Friendship Can Trump Financial Self-Interest

Professor Rick Larrick on how disloyalty aversion affects our behavior

June 15, 2017
Behavioral Science


Feelings of loyalty can lead us to make choices that aren't in our financial interests, according to new research from Duke University's Fuqua School of Business.

Professor Rick Larrick found we're less likely to bet against our friends than ourselves, even when we can't control the outcome and the bet makes good financial sense. The new research challenges the traditional assumption in economics that people act in self-interested ways.

While loyalty to others is a laudable instinct, Larrick said there are occasions where it doesn't make financial sense.

"It may feel disloyal, for example, to sell stock in the company you work for," he said. "But from an economic perspective, to hold that stock means you're putting all your eggs in one basket by having both your salary and investments tied to something that shares the same outcome. So diversifying your portfolio away from your own company is one place where you could benefit from turning off this feeling of loyalty."

The research builds on Larrick's previous work showing people are reluctant to bet against a favorite team.

"From an economic perspective, you'd be better off if you can insure this desire for your favorite team to win by betting against them," he said. "That way, at least you have something to show for it if they lose, and you'd be able to spend the winnings on something to make yourself feel better."

But Larrick found people considered their shared identity with a favorite team as more valuable than a personal payoff if they lost. 

"Intuitively, it seems that people might avoid betting against their team out of superstition - no one wants to jinx their team," Larrick said.  "We find, however, that the main driver of the decision is avoiding the feeling of disloyalty."

The new research shows that shared identity extends to close friends - but not to the self, or casual acquaintances.

"We find that most people don't want to bet against their close friends, even when we make the payoff very attractive."

"Disloyalty aversion: Greater reluctance to bet against close others than the self," is newly published in the journal Organizational Behavior and Human Decision Processes. Larrick worked with Carey Morewedge of Boston University, Jill Klein at the University of Melbourne, and Simone Tang, also of Fuqua.

"It is an interesting case in which people prefer not to insure against negative emotional outcomes," Tang said. "I also see it as quite uplifting that people are generally willing to sacrifice their self-interest for their friends."

The researchers studied scenarios both actual and hypothetical. In one, pairs of friends were recruited to play games of chance with a researcher. On average, the 146 participants were more reluctant to bet against their friends than themselves.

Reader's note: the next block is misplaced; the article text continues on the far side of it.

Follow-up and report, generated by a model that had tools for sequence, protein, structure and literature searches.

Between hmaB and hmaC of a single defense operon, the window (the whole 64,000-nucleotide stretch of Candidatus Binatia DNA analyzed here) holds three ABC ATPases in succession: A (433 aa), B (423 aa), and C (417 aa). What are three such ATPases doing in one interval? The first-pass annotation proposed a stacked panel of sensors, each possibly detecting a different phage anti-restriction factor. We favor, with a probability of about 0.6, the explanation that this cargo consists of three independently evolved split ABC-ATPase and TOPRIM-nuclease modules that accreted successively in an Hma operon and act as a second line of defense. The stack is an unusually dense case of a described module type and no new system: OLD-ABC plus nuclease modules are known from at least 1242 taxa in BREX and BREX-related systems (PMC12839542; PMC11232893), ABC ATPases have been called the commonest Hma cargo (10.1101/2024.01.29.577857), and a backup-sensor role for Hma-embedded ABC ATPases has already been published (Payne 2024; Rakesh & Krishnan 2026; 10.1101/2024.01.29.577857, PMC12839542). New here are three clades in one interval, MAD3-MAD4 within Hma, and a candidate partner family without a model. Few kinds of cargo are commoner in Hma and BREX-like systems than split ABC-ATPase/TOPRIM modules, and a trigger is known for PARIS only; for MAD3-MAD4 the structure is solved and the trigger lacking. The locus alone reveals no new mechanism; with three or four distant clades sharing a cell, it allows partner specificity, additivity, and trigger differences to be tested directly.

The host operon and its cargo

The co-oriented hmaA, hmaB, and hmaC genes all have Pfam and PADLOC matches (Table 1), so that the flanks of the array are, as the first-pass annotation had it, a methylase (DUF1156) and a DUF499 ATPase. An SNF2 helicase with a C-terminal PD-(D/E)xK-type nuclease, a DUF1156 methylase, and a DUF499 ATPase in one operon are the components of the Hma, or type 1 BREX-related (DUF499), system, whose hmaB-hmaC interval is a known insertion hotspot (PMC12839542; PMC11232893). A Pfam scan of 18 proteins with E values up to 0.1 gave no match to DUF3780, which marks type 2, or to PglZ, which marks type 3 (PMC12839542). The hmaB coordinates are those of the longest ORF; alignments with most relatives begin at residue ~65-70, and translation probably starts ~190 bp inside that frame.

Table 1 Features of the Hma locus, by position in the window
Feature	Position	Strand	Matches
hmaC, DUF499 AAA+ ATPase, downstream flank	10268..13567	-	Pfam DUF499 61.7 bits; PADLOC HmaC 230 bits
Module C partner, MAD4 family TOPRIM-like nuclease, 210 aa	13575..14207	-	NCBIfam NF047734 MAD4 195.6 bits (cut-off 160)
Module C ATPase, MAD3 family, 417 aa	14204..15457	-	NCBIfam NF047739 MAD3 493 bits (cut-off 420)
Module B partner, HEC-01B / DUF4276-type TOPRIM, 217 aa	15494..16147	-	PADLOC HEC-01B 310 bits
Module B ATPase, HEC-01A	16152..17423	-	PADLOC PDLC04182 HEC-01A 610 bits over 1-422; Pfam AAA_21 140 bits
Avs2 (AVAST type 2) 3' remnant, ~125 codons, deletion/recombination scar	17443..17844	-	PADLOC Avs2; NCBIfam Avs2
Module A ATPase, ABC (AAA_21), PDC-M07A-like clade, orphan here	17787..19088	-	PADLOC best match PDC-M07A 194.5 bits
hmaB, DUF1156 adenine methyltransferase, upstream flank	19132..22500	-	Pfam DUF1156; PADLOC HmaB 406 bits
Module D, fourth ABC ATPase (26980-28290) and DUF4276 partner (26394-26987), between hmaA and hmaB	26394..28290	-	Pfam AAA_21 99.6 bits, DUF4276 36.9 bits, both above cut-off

In another study, participants were asked to bet on whether a close friend would get a promotion. They were told the friend's chances of success were only one in 10, and the payout for betting against them was much higher -- $50, versus only $5 if the friend was promoted.

"We find that most people don't want to bet against their close friends, even when we make the payoff very attractive," Larrick said. "But they will bet against themselves getting the promotion. When the self is involved, people appreciate the logic and realize that if they don't get the job it would be nice to get the money instead -- but they don't like winning money at the expense of a close other's outcome."

Participants were almost a third less likely to bet against a friend getting the promotion than they were themselves or an acquaintance, the researchers found. The researchers also found participants who considered themselves loyal were less likely to bet against their friends than were those who said they did not highly value loyalty.

"Even though these bets were in private and their friend would never know, people didn't want to see themselves as disloyal people," Larrick said.

But a further study also found that even loyalty has its price: increasing the reward for betting against a friend eventually increased people's willingness to be disloyal.

"Previous studies suggest certain tradeoffs for money over love are taboo, but we showed everyone will make tradeoffs for loyalty, it's just in a different spot for friends than it is for the self," Larrick said. "A practical takeaway is to not be too blinded by loyalty when approaching decisions that entail risk.  Many acts, such as selling company stock or insuring against the loss of a loved one's income, are wise -- even if they're painful to contemplate."

This story may not be republished without permission from Duke University's Fuqua School of Business. Please contact for additional information.

Contact Info

For more information contact our media relations team at